- Rebalancing. While all bike-sharing schemes are naturally imbalanced, the rebalancing objective is usually to empty full stations and fill empty stations in docked schemes or to bring back bikes into usage areas for free-floating systems.
Arthur D. Little (ADL) and movmi have worked extensively within the bike-sharing ecosystem, supporting operators as well as municipalities and city authorities to define mobility strategy and improve both operational excellence and the quality of service (QoS) of bike-sharing schemes.
Through ADL’s Future of Mobility (FoM) lab, we recently partnered with movmi to perform a comprehensive benchmarking study of bike-sharing operations, which included in-depth discussions with CxOs of 16 operators of docked, free-floating, and hybrid schemes worldwide as well as with bike-sharing commercial and operations subject matter experts across the globe to identify key levers of operational efficiency and customer excellence in bike sharing, which we explore further below.
Excellence lever #1: Bike lifespan
It is important to note that in a bike-sharing operation, KPIs and the methods in which they are reached are all connected; system performance thus relies on the performance of the overall chain. For example, any improvement in bike lifespan translates into fewer broken bikes on the streets, which means fewer bikes are needed to keep a reliable bikeshare system running. It also means less stress on maintenance operations and costs. Moreover, bike lifespan is the foundation of cost-efficient operations; everything else builds upon it.
It may appear simple on the surface, but the design of bikes, particularly shared bikes, can be complex. As we mentioned, bike-sharing bicycles are exposed to higher stresses than personally owned bikes. Improving the lifespan of bikes therefore means improving the lifespan of each individual part or subsystem. Critically, every bike may be repaired several times over its lifespan; the only part that cannot be changed is the frame. The main objective is thus to allow for longer intervals between repairs.
However, while the wheels and transmission (pedals, chain, and gears) remain the greatest causes of breakdown, improving the robustness of these systems is a challenge. Taking docked schemes as an example: overall best-in-class systems highlight a maintenance interval (or maintenance time between failure) of 5,000 km (~3,100 miles) for mechanical bikes and 3,000-4,000 km (~1,850-2,500 miles) for e-bikes.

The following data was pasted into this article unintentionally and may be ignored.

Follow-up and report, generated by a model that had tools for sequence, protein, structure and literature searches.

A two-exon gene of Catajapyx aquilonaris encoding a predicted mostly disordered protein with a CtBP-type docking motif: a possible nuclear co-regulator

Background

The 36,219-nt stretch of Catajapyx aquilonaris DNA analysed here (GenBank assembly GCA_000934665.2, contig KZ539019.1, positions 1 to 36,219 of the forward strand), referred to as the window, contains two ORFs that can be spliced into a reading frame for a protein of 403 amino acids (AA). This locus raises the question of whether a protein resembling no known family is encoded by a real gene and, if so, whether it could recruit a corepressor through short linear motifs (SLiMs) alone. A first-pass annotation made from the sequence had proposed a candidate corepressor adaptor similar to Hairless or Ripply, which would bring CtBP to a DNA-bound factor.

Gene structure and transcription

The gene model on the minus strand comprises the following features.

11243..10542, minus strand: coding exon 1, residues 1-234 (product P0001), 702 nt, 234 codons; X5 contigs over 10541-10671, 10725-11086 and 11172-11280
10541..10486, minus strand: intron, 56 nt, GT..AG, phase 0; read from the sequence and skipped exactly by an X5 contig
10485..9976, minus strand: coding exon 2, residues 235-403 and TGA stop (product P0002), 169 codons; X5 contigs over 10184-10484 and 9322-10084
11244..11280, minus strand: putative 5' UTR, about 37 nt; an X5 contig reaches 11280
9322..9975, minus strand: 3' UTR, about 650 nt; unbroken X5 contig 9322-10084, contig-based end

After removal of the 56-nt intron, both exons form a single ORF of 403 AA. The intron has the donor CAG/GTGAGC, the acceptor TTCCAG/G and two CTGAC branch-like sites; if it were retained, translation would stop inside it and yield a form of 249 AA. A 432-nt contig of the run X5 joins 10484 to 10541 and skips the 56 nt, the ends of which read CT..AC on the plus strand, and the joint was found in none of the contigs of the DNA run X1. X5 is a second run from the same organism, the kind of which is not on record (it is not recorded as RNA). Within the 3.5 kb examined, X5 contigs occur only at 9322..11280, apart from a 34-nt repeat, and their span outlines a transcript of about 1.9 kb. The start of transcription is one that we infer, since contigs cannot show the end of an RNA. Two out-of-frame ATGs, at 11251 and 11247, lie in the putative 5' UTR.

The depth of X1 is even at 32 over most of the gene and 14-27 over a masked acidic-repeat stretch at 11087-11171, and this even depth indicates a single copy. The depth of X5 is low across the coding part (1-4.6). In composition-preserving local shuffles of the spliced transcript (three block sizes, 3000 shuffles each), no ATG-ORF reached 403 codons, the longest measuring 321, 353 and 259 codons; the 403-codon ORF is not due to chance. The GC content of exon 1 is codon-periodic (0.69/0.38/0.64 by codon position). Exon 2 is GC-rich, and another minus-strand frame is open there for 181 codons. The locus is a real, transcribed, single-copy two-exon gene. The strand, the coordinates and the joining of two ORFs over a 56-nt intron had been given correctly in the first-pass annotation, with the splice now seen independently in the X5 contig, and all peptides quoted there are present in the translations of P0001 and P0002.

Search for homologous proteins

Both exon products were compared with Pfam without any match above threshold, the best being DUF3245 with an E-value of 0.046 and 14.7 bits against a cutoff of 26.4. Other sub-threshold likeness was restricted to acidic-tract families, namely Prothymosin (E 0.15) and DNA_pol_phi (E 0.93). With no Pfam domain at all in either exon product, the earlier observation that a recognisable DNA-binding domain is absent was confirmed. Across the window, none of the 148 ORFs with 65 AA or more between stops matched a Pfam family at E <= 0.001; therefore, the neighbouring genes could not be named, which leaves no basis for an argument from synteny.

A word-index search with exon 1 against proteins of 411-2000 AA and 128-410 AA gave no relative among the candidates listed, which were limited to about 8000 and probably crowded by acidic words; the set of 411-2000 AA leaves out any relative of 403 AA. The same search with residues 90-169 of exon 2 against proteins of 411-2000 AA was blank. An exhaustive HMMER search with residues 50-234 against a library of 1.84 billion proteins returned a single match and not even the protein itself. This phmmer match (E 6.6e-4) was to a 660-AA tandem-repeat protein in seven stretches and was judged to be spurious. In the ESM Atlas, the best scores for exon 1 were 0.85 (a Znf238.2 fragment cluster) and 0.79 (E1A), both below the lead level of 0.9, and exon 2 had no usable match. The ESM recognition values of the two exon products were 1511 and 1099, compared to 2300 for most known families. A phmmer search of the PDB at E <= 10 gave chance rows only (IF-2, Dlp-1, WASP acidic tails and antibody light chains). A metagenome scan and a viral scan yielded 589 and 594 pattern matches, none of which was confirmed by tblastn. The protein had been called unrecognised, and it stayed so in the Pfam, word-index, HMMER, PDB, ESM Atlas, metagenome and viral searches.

Shared bikes can be inherited from a previous operator, purchased from a supplier, or assembled from available component parts on the market. The operator has full control of this area and is thus a place where operators can influence overall operating costs.
Excellence lever #2: Smart maintenance structures
Maintenance comprises the lion’s share of operational costs in bike-sharing schemes, usually averaging two-thirds of total operating expenses. Our recent benchmark study highlights some strategies for reducing maintenance costs, including the location of bike repairs (see Figure 1):
- Repairs at station only. The preferred solution for small (typically less than 500 bikes) mechanical bike-sharing systems is to make repairs at the station. Each staff member is a fully qualified expert who can handle different types of repairs with a few specialized tools directly at the station. For more serious repairs, the bikes are taken to a workshop.
- Workshop repairs. For medium-scale operations (typically 500-2,000 bikes) with lower utilization (one to two trips per bike per day), or seasonal bike use, the preferred solution to maintenance focuses on preventive maintenance at the workshop. With lower bike utilization, it is easier to schedule maintenance sessions at the workshop every two to three months for each bike. However, this method is rather costly and also bears the risk of increasing the overall repair cycle time. Keeping broken bikes parked in stations, either because they haven’t been identified as damaged or didn’t fit the repair schedule, can also damage the operator’s brand image.